Monkey Raptor

Thursday, October 1, 2015

Why Can't We Just Use Our Own Self-Signed SSL Certificates?

Well, we can. But it only works for our own development environment. For "live on the web", browsers won't automatically recognize and trust the thing. And your site visitors will run away looking at those horrifying alert. Not literally.

The SSL (Secure Sockets Layer) was brilliantly invented in 90s as a method to encrypt the data being transported, to obfuscate the communication between computer network nodes, so that not much of conversation can be "heard". To secure the line.
Nowadays, it becomes the sign for "web of trust".

The web is full of people, by people we meant bots and small percentage of living beings, some are really funky, so, that happened. The we-don't-trust-the-web-unless-*.
Hence, the mechanism of SSL-ing the web connection becomes the signal of trust.

This topic (SSL, Cryptography in general) is a very complicated, and to us, also a fascinating field. It's an advanced Mathematics-based logic. Well, logic is Math-based. Mostly. But we didn't really write numbers, first. Maybe.

Not directly related

This is more like waste management industry. You know, there's so much pollution, then boop! Brand new engineering field. Which is a very good solution.

The pollution on the internet is actually our own sweet human psychology. We are truly sweet free-will-ed creatures. With the "dreams" and all.
This can be an idea for your dissertation. Or, a scientific journal/diary. Or, just writing on the wall.
This area of human interests can be further dug really really, we mean like, REALLY, deeply. It will surely mutate as time passes by. But some primal instincts and behaviors are pretty much static.

Back again

About that self-signed certificate.

This is mainly a business model. The SSL certificates signing.
It's one of the industries of the web.

Let's make an analogy. Um.

We can always draw "money" on papers, cut them, so that they look like money, and use them as our own currency. But those can't be used to actually buy things from the store.

We can also stack tons of papers with "money" drawn on them, but we can't like, say, hey, I'm sort of rich! And laughing like a maniac.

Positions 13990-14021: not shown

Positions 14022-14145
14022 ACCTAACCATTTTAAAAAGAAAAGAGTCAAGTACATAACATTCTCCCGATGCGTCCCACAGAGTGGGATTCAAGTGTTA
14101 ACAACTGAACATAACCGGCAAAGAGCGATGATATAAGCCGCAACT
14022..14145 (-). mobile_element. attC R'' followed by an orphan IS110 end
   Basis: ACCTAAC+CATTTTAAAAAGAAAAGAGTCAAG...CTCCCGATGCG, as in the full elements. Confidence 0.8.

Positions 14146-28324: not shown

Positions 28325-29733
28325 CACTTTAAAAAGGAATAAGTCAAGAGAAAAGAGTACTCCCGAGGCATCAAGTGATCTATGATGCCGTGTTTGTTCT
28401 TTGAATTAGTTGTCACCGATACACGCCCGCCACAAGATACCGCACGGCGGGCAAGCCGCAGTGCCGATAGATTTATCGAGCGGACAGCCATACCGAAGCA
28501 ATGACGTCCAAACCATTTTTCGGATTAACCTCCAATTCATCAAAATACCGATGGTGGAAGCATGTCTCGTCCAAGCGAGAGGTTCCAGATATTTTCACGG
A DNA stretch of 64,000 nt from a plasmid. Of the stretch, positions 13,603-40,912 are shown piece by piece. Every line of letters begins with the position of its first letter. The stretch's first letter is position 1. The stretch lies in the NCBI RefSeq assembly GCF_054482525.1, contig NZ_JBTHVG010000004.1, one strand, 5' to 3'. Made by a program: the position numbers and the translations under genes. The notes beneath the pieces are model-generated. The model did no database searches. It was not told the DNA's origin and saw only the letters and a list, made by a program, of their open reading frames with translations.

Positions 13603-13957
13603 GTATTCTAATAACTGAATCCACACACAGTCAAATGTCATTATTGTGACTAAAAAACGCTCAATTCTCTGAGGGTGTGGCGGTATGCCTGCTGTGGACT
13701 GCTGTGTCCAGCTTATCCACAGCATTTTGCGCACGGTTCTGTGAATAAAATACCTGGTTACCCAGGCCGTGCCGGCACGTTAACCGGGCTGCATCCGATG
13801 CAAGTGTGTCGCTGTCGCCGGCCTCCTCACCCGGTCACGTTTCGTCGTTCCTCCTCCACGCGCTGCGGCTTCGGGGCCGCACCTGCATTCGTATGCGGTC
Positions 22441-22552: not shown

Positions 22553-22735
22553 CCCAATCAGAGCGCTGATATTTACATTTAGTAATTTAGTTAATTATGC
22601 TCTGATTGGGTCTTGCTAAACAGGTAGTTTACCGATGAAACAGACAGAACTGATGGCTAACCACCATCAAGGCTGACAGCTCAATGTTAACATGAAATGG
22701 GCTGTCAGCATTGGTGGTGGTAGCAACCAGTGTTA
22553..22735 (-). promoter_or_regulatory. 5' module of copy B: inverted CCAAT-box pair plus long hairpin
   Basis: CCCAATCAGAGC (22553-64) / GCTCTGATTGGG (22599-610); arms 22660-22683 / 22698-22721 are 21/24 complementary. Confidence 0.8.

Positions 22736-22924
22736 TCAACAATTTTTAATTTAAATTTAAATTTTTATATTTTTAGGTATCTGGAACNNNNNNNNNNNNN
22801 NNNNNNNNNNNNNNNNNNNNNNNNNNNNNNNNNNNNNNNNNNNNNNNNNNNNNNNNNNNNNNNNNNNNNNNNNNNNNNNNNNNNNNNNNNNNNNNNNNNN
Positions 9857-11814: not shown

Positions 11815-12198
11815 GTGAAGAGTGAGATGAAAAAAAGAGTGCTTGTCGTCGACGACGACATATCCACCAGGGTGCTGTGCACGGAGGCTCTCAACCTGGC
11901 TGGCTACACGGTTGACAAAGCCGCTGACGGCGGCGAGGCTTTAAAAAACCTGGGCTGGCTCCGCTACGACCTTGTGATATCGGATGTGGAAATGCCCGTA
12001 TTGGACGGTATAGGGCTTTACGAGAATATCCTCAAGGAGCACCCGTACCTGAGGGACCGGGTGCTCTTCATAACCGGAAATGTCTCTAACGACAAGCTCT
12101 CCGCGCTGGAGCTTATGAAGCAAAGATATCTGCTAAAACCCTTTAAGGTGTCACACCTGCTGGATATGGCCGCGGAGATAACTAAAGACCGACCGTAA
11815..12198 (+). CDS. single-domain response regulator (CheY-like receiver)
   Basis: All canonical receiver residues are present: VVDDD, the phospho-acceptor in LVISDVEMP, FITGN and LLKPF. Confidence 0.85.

Of course you can.

The consensus process, the validation from "legitimate" people, the authorities, is needed so those "local money" of ours will be accepted as a method of payment in public.

It's maybe not the best story telling, but that's pretty much how the certificate can be trusted and (by default) included on browsers and operating systems — the client part.

The legitimate third party validation process costs money, therefore, we need to pay for it. Plus the service markup.
Creating self-signed SSL certificate is, well, we can learn the methods. But the most important "general trust" won't be automatically attached to it.

How about that boosting SEO?

That has tiny weeny correlation. You can make a blank site with https connection.

Implementing the secure line is more about protecting our internal communication to and from our server(s).
Who wants to crack a 1 unique visitor per year blog?
Except if you're in cracking training camp or having that super-symmetry moment of a one button click.

SEO (Search Engine Optimization) is about the relevant content, historically.
Now, it's all about stuffing your post with lots of dynamic hidden keywords, dynamic referral links (search terms), and so on.
Not really. It's a bad practice to do that.

Useful links

  • Why are SSL/HTTPS certificates so expensive?

    An archived post on Reddit.

  • What are the benefits of a more expensive SSL certificate?

    Discussion on Webmasters StackExchange.

  • Is there any technical security reason not to buy the cheapest SSL certificate you can find?

    Discussion on Security StackExchange.

  • How to decide where to purchase a wildcard SSL certificate?

    Discussion on ServerFault StackExchange.

  • Transport Layer Security concept, history, and development on Wikipedia.
  • The concept of root certificate on Wikipedia.
  • Self-signed certificate on Wikipedia.
Why Can't We Just Use Our Own Self-Signed SSL Certificates?

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